'Fear of failure' gone for UM's Dakich
Ann Arbor -- When Andrew Dakich had to burn his redshirt last season because of injuries, his first games were in the Big Ten season, including one against Michigan State at Breslin Center.
This season, his debut was against Delaware State at Crisler Center.
That's an easier entrance, to be sure.
"Last year, I literally peed down my leg every single game," Dakich said, to laugher from reporters following Michigan's 80-33 victory Saturday. "The fear of failure is not there anymore. Last year, I was scared of my own shadow, to be honest. It was kind of evident to a lot of people.
"I had a blast out there today, and I didn't really have a blast last year."
Dakich, the junior guard, agreed this week to give up his redshirt when it was clear Spike Albrecht (hip surgeries) was going to be lost for the rest of the season.
It wasn't that tough of a decision, he said.
"I don't wanna redshirt," he said. "I just thought it was gonna give me (an extra) year to have to go play somewhere else or play here.
"At the same time, this is kind of a dream. I've always tried to play in the Big Ten."
Dakich entered the game at the 13:14 mark of the first half, and had his first points of the season a little over a minute later when he passed up an open look at 3 to drive the basket for an easy layup.
The crowd, not a big one by any means, gave him a hearty ovation.
He added a layup in the second half, but missed his one 3-point attempt. It was so deep, he even muttered "bank" to himself. It ricocheted off the backboard.
"I wasn't gonna leave it short," he said, smiling.
Dakich wasn't happy with his two turnovers; coach John Beilein chalked those up to perhaps trying to do too much in his first game since last March.
With the Wolverines banged up -- there's no sign of Derrick Walton Jr. (ankle) returning anytime soon -- Caris LeVert is the lead guard, followed by Muhammad-Ali Abdur-Rahkman.
Dakich is next up after that. He played 20 minutes Saturday, and added three assists.
"I'm just telling you, he doesn't look the part, but he sees the floor and he's got a lot of Spike in him," Beilein said. "I've got a lot of confidence in him right now. ... There's the times he's got that 'it.'"
"He doesn't shoot it like Spike, but he can shoot it. It's as good as we can do right now."
There was a change in the starting lineup.
Duncan Robinson was in, and Aubrey Dawkins was out.
"We feel right now, the floor defensively and offensively is better as a starter for Duncan. Get him in there and let him go, and get more scorers out there," Beilein said. "There's just a different flow right now with him. It makes other guys better."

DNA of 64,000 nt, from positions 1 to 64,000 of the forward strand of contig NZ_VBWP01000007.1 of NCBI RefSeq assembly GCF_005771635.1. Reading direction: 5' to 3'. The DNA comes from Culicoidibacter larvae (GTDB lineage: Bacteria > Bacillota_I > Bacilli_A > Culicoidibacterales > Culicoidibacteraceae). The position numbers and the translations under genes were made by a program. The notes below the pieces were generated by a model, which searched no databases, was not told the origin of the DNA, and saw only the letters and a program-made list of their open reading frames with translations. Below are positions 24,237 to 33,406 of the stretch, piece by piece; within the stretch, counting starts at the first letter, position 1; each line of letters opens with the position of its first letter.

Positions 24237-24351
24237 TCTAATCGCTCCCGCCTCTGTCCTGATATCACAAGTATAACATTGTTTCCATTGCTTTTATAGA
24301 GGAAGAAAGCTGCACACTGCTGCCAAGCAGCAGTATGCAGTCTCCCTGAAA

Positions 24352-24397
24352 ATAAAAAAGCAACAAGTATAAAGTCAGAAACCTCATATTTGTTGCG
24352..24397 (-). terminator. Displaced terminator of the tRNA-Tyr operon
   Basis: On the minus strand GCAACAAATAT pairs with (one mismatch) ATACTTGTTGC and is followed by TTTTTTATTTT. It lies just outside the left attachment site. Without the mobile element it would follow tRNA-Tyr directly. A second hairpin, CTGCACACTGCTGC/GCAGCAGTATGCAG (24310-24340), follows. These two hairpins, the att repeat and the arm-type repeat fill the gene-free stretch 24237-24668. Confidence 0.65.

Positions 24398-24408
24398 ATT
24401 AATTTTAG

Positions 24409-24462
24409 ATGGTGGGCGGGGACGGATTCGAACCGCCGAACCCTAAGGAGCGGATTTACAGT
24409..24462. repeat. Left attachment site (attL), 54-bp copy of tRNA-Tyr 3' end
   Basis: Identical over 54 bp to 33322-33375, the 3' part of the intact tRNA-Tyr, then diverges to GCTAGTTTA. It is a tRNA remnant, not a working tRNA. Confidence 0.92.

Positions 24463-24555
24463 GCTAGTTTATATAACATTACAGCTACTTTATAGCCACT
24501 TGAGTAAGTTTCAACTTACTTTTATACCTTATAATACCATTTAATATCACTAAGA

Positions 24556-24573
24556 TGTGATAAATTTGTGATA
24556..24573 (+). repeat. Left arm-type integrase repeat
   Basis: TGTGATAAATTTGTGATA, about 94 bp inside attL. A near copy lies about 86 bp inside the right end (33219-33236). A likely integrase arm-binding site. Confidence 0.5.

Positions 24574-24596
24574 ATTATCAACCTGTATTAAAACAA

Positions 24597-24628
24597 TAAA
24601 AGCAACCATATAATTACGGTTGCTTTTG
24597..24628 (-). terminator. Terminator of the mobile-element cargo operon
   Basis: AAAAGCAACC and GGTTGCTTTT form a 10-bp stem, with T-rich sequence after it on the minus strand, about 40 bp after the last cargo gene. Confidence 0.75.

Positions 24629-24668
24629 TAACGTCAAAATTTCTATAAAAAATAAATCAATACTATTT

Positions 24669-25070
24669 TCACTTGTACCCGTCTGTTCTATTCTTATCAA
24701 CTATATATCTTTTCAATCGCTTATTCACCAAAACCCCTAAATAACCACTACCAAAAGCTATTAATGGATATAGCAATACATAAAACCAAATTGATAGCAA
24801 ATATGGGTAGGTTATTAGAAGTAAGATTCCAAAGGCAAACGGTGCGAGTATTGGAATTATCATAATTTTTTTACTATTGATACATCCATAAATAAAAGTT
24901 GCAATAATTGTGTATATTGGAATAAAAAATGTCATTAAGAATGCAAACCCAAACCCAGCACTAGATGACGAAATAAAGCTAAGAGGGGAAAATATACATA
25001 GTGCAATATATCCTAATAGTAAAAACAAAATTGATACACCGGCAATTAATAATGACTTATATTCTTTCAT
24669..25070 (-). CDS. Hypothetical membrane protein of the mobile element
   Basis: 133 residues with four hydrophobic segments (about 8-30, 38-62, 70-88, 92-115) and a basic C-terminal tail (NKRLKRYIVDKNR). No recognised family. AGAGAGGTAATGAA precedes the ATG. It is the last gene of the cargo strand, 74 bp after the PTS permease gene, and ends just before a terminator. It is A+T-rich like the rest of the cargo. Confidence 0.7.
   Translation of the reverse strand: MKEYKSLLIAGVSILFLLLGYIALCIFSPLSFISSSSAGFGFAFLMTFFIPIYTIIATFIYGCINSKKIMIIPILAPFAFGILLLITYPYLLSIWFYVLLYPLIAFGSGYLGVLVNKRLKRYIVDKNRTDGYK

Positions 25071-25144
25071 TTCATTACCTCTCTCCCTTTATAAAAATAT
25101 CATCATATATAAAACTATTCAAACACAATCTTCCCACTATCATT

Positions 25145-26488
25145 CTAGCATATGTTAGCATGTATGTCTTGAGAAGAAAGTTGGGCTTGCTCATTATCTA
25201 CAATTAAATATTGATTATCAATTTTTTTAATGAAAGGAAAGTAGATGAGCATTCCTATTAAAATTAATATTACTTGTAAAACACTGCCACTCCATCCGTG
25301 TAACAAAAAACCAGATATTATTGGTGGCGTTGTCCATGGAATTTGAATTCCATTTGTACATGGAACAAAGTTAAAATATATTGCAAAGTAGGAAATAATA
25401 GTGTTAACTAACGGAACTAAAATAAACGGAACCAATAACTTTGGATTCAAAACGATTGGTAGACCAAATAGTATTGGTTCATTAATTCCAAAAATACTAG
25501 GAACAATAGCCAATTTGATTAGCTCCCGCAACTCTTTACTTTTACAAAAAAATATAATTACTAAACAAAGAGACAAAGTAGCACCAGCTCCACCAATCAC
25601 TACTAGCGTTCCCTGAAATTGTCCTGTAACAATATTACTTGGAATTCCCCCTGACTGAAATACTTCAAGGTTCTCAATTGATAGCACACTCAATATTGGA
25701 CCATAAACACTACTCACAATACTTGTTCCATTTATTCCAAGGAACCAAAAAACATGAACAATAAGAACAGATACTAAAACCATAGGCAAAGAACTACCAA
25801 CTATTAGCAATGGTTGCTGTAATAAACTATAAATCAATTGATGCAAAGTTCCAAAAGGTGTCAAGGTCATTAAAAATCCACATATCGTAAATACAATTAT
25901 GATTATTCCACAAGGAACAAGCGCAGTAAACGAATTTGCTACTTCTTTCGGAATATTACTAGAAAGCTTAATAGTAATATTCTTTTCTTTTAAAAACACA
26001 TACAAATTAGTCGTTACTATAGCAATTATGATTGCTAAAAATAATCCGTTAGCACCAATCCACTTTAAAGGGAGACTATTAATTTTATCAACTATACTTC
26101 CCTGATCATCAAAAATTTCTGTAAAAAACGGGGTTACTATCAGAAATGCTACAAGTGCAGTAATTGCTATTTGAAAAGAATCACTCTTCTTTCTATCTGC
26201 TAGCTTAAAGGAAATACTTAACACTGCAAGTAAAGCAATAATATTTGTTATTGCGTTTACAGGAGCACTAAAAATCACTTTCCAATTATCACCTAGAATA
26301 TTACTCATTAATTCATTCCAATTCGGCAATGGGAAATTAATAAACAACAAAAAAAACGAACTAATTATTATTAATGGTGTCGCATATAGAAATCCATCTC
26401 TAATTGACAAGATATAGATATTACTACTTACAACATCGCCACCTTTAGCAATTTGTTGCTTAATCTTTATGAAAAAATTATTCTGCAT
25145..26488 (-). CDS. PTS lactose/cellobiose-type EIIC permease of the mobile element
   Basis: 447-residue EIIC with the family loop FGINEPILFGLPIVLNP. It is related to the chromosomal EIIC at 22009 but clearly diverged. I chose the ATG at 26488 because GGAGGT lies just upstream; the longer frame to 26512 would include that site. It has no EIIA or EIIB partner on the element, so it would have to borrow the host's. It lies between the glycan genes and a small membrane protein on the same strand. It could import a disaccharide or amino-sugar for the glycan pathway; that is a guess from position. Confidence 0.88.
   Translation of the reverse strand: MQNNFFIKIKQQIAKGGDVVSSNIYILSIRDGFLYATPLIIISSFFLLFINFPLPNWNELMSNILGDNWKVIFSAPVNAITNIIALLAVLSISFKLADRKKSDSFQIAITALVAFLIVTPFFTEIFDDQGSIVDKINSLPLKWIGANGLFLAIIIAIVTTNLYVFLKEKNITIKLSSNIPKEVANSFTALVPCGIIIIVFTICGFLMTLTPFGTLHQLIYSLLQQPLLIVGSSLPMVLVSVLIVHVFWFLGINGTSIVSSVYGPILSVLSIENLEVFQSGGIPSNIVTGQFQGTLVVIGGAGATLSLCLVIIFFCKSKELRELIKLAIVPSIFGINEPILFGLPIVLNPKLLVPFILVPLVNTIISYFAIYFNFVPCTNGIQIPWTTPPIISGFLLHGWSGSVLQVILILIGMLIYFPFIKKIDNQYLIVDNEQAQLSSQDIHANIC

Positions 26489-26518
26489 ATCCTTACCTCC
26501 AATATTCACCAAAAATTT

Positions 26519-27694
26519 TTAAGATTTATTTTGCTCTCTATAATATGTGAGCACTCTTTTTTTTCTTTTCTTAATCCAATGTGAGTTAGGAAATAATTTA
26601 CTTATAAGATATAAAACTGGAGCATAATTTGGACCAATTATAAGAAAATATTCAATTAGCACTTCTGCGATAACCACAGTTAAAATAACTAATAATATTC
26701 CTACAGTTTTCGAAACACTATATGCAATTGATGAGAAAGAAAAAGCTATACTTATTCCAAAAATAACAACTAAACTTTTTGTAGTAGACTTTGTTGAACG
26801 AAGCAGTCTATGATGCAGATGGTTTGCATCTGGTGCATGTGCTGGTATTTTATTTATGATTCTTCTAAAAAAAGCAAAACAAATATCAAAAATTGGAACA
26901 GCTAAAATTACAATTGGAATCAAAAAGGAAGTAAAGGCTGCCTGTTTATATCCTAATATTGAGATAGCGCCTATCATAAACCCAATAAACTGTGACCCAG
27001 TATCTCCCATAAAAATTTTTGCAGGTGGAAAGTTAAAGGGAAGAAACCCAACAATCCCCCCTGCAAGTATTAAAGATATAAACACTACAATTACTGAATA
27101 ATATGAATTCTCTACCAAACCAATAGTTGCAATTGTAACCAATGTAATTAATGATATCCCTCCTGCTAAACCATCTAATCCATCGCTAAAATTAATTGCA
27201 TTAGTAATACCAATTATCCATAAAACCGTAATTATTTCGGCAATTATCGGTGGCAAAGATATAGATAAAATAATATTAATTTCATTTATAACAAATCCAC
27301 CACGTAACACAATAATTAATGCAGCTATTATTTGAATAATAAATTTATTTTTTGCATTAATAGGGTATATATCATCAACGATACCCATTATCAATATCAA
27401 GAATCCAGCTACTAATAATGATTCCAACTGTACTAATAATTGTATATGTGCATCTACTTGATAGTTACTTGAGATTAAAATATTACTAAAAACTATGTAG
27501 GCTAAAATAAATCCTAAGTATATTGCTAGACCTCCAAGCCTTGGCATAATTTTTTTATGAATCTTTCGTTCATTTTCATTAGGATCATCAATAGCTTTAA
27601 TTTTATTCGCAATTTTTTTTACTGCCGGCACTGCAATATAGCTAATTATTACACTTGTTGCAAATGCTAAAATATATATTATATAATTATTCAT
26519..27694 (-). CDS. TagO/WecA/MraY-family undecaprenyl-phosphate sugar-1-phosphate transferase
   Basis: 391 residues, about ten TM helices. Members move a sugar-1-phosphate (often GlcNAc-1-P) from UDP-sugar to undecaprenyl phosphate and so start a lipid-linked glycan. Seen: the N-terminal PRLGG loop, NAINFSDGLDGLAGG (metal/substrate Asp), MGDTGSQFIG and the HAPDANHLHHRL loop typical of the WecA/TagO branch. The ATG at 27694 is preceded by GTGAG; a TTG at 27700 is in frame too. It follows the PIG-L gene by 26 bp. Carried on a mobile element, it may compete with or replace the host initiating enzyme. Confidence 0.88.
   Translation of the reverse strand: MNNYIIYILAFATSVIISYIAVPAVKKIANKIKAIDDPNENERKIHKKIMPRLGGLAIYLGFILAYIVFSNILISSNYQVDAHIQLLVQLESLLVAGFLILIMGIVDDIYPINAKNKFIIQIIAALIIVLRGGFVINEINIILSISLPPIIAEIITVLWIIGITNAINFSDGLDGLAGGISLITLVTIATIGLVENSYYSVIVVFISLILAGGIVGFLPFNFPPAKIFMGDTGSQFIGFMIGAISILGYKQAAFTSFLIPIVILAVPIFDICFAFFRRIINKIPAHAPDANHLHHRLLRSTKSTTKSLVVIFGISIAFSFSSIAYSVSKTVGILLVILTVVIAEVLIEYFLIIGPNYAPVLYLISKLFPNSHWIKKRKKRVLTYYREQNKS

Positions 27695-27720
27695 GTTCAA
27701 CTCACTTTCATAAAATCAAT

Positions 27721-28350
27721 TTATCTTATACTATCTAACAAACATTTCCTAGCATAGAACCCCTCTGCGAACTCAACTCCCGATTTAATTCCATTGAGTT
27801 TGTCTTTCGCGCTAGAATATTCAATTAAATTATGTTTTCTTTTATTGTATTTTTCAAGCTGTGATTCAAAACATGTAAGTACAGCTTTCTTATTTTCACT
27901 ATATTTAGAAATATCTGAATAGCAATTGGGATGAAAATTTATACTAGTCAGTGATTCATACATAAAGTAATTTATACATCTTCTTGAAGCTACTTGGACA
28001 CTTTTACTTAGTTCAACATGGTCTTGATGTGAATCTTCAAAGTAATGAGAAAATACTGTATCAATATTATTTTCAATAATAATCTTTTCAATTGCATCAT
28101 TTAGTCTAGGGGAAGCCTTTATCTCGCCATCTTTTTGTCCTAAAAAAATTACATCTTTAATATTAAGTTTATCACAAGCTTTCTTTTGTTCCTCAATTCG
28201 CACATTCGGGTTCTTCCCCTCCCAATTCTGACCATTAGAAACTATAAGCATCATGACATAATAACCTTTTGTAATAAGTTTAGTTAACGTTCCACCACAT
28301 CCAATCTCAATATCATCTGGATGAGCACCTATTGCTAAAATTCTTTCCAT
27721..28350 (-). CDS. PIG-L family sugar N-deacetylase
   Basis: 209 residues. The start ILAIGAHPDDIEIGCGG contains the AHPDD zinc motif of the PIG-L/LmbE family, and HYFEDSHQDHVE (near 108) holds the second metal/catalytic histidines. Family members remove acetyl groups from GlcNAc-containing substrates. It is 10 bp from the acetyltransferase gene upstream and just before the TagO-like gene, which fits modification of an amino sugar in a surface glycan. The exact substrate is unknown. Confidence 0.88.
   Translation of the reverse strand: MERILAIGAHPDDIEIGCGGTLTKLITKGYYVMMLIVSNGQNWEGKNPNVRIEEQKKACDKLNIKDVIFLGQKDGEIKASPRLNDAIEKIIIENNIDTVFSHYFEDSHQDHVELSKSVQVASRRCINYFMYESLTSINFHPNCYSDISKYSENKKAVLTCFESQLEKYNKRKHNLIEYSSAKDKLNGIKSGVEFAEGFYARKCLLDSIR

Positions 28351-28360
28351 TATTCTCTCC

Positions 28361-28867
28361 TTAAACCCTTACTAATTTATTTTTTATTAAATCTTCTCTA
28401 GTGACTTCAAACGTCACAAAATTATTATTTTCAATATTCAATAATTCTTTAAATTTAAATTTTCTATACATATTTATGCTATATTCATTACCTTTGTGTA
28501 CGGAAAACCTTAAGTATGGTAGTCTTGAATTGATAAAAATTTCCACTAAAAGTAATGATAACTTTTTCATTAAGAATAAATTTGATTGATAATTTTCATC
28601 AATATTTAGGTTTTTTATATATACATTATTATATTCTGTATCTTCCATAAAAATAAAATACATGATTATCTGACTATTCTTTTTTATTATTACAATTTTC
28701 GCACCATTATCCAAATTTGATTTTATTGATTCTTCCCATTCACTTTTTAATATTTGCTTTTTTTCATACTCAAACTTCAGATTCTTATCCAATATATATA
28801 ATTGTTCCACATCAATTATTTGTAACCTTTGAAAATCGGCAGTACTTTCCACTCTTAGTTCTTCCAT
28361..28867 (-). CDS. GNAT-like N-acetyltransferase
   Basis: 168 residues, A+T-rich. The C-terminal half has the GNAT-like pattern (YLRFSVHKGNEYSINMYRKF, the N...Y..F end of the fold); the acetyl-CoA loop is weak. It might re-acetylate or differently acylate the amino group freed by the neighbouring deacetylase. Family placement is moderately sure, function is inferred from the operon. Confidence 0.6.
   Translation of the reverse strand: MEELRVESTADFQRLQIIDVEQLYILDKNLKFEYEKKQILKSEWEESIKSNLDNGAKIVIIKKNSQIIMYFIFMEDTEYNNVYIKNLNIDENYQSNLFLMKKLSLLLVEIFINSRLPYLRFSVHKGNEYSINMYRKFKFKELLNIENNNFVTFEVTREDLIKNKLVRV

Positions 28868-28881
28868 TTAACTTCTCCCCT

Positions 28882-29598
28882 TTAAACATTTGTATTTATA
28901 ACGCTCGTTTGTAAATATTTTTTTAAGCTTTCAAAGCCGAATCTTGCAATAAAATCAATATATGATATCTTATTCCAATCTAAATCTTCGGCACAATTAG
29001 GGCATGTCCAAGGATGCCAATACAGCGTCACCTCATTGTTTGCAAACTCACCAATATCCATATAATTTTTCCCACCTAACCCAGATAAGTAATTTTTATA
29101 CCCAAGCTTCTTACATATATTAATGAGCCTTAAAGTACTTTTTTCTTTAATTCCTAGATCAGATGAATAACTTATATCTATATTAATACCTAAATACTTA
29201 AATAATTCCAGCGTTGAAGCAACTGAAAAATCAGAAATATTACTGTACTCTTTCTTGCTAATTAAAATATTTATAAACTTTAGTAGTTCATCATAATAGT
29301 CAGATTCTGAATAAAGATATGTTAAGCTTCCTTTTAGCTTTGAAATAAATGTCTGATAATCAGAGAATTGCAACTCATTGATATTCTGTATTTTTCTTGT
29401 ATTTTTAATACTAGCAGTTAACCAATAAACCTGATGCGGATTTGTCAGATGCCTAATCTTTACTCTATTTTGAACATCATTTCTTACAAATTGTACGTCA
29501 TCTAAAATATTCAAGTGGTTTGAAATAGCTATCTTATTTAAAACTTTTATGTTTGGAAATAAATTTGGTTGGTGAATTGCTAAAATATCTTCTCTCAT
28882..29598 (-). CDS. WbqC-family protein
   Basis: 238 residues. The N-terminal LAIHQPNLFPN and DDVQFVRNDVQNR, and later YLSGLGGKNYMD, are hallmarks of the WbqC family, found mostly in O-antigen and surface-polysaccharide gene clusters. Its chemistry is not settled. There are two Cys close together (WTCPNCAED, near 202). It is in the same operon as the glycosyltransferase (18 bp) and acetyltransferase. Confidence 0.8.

Robinson had four assists, and Dawkins, off the bench, had three.
Dawkins thrived in the absence of several starters last season. Beilein hopes maybe a step back could do him some good.
"Right now, it would be really good to get him used to this shooter-off-the-bench, rebounder-off-the-bench, energy-guy-off-the-bench," Beilein said. "It doesn't mean he can't get back on that starting lineup."
Kameron Chatman had his best game of the season, with 10 points on 4-of-6 shooting.
He also had a block, three assists and no turnovers.
"He made shots, but I don't want that to be the indicator whether Kam plays or not," Beilein said. "Can he guard his man? Can he guard action? And can he rebound, get on the floor for a ball.
"That (10 points) is just gravy. His primary role is to guard the heck out of somebody and rebound."
Chatman had three rebounds in the victory.
D.J. Wilson missed the game with a sprained right ankle suffered in practice Friday. He was wearing a walking boot, and there's some swelling.
Beilein seemed to start to say Wilson would be out "a while," but quickly cut himself off and said, "Maybe a week or two. I have no idea."
... Assistant coach LaVall Jordan this week went to Beilein with film to show how many opportunities Michigan passes up on the inside. Going inside was a focus Saturday, and it yielded impressive results, with 36 points in the paint and 10 points for Ricky Doyle.
"We're learning to look at them," Beilein said of the big men. "But they've gotta make them for us to trust them, as well."